Talk

Advanced search

Mumsnet has not checked the qualifications of anyone posting here. If you have any medical concerns we suggest you consult your GP.

Is this a breach of my medical confidentiality?

(24 Posts)
WellThisIsShit Mon 23-Oct-17 16:42:39

Just opened a letter from a consultant rheumatologist and it recounts details of a call to my gp, which is all well and good, I asked her to call or write as GP practice weren’t understanding how difficult it is for me to get appointments - I’m disabled and mobility is tricky.

However it also says in this letter that the gp told the rheum about a mental health assessment (a while ago), and she actually gave what she’s called ‘a possible diagnosis of...’?!?!? Now, this diagnosis was never formalized and in fact I felt was extremely wrong and followed an awful appointment which was highly unprofessional. I’d been back to the gp about this one appointment at the time, although was a different gp from now, and he’d agreed with me I shouldn’t take it further as I had found it very triggering and also was pretty unprofessional. I decided not to make an official complaint as I didn’t want to engage further with it.

I was really shocked to see this upsetting experience hauled up again and in an unrelated context.

Is this an ok sharing of my confidential medical information? As I certainly didn’t give permission to share this? And then to share this in a medical letter which then anyone in the trust can access?

I’m really shocked by this as no diagnosis was agreed and I dropped it without knowing I needed to complain to get it off my records???

JohnHunter Mon 23-Oct-17 18:05:41

This is a difficult one!

There is a presumption (which I think is reasonable but others might disagree) that people within the NHS share information with each other about patients' medical history, drugs, etc. It's possible that your GP mentioned the mental health assessment in their letter to the rheumatologist if they thought it was relevant to the referral. However, it's more likely that they just included a print out of your GP record summary, which would have showed referrals to specialists amongst other things.

I'd write to your GP and ask that details of this consultation are not shared with third parties (including others working within the NHS) without your express permission in future. You probably won't be successful in getting it struck from your record altogether (unless there are facts recorded that are demonstrably false) but you can certainly limit where the information is sent.

The most likely outcome is that they will include a note on your file so that the summary print out isn't just sent reflexively in future.

Topseyt Mon 23-Oct-17 18:11:00

Don't they usually mention any major health incidents which they think might be relevant or could help your cause.

If the doctor who wrote the letter is new since the incident you refer to then he or she might just not have been familiar enough with the case?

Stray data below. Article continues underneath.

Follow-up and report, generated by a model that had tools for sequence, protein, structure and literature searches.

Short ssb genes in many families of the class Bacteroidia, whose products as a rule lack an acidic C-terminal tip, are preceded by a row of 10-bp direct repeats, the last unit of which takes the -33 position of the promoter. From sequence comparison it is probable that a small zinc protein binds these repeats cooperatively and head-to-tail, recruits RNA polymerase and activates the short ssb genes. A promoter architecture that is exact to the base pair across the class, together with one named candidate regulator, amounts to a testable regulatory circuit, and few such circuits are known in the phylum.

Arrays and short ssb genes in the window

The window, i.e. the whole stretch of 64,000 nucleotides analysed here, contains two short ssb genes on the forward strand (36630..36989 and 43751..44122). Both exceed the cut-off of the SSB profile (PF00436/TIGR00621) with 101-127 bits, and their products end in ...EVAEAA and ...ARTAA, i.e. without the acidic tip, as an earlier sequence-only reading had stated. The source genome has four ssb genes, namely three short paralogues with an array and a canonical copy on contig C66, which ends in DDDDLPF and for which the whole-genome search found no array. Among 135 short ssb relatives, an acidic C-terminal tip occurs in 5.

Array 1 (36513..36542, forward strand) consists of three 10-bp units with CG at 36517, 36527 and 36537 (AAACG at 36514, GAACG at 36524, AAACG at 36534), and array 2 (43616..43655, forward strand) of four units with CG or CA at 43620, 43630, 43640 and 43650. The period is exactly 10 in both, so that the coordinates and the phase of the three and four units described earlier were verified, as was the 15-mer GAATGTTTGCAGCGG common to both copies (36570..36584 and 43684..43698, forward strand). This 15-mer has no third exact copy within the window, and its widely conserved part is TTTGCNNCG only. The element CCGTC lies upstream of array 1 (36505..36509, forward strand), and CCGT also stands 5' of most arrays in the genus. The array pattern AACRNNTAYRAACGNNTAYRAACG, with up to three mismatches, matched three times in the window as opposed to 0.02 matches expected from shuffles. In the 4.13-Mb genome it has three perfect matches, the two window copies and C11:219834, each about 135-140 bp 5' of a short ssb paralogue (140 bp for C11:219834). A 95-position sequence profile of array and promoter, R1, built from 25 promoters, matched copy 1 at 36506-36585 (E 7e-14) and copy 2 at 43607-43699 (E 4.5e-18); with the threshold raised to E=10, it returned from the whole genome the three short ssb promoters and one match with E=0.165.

hiddley Mon 23-Oct-17 18:14:49

Did you sign the disclaimer permitting your medical information to be shared within the trust? I did as it makes it easier for them to access information from various sources. Would the suggested diagnosis be somehow relevant in the GPs view? For what it's worth I have seen a psychiatric report about me and one would be forgiven for thinking they are dealing with a psychopath when they read it. shock Doctors don't hold back among themselves, though they filter what they tell patients in my experience.

WellThisIsShit Mon 23-Oct-17 18:37:58

Thanks John, would they be able to take it off my summary record but leave it in the main notes?

It does sound like it could be on a list of appointments etc.

The rheum also wrote after mentioning this ‘potential diagnosis’ that the gp mentioned a report and in the rheum’s letter she had asked for a copy of ‘the report’. Which is surely over reaching? Not sure even which she would have asked for as there’s been a more recent one since, as a re-referral a year after (when I got some courage back), which has a different, & more accurate, focus. Still not much relevance for this rheumatologist though?

The gp at the time understood why I found this particular my appointment so awful (very triggering, shockingly so, left me feeling utterly broken for weeks after, ironic considering I was trying to improve my mental health). And there was no letter after specifying a diagnosis - at least not that I got?

It was a horrible experience and I have shared it with other people, including a counsellor, who were shocked at the way the appointment had gone. I considered complaining but was too scared of this doctor, rightly or wrongly I was scared to pursue it, and felt there was no point either. Really it’s because I was scared of rousing his aggression, because I’d found his aggression within the appointment (when he had no reason to get aggressive) utterly overwhelming. What the hell would he be like when roused? And after all, it was just me and him in the appointment, so as I said, no point in complaining.

So, if it was any other appointment, diagnosis or report, I wouldn’t be reacting like this. I probably wouldn’t be reacting at all.

WellThisIsShit Mon 23-Oct-17 18:56:39

Crossed posts smile

On reflection, looking at dates, the discussion would have happened with a gp who had no relationship with me at all, although since then she’s become my ‘go to’ gp.

One reason I was so upset to read this letter is because I had discussed this upsetting appointment with this gp, and I felt really shocked and betrayed that she would then just parrot this man’s words.

But that didn’t happen, looking at the dates. The gp spoke to the rheum in the summer, and only a few weeks after took over as my main gp. And after having spoken to me properly said that the gp practice seemed to have not realised how much my condition had deteriorated (physical disability) and has been great at helping catch up on a lot of things that weren’t being done as I couldn’t get to the gp.